Favorite items: Is your dog extremely motivated by treats? Maybe he or she has a favorite toy. These daily obsessions can be an important part of how to calm an anxious dog. If you have the benefit of being home when your dog experiences a stressful event, reach for that bucket of treats, that food-oriented toy, or the favorite ball. Some dogs are so obsessed with their favorite things they go into tunnel vision, forgetting everything else. This is also a great way to condition your dog to self-treat when you aren’t home. Dogs that are very food oriented can be left with special food toys to help keep them distracted if something happens while you are away.
Lavender essential oil: The power of smell is often over looked, but there is a reason why this sense is so essential, particularly for animals. Research suggests how to calm and anxious dog may be as simple as using lavender essential oil for aroma therapy. Both topical application and application to the dog’s surroundings have been shown to help ease anxiety and hyper-excitement. Be careful when using essential oils, however, if not used correctly on the skin, they can be very irritating. Follow all dilution instructions and when in doubt, apply to the environment, not the pet directly.
Sound/Music therapy: “Music soothes the savage beast” is a common literary saying that has quite a bit of truth behind it. Just as we might enjoy listening to music when we need to relax and de-stress, so, too, can music be impactful on the lives of our dogs. If you want to know how to calm an anxious dog through the use of music and sound, look no further than your own television or stereo system. While most types of music can be effective for drowning out sounds that may cause anxiety, research shows classical music has the highest calming effects.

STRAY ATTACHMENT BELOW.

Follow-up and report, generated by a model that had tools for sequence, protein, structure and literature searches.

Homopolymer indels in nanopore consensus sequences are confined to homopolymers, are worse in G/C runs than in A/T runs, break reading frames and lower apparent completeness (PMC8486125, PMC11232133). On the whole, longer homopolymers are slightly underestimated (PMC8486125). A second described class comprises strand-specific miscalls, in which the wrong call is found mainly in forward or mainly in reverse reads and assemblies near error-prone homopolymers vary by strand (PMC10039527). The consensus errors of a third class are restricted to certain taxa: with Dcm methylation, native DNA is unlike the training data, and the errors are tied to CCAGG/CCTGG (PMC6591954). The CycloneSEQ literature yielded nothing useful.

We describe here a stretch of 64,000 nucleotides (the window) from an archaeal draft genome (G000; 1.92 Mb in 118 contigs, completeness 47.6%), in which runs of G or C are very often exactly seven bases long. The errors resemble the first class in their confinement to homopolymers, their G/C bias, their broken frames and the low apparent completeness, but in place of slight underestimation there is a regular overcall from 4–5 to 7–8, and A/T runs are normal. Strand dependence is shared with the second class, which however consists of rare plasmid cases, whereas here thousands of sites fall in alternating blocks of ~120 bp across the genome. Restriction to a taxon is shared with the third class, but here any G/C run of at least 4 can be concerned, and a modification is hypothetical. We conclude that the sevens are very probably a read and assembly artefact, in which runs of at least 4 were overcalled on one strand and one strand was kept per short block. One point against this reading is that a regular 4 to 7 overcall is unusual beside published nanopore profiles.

Exercise: Exercise seems to be part of the answer for almost every medical condition in both humans and animals, and that should hint at how important it is. Dogs need regular activity, and when they don’t get it, they can become anxious and stressed, particularly if they are high-energy breeds. Exercising your dog when he or she becomes anxious can help provide an outlet for stress. When it comes to how to calm an anxious dog, exercise is one of the easiest methods – and beneficial to both dogs and their owners.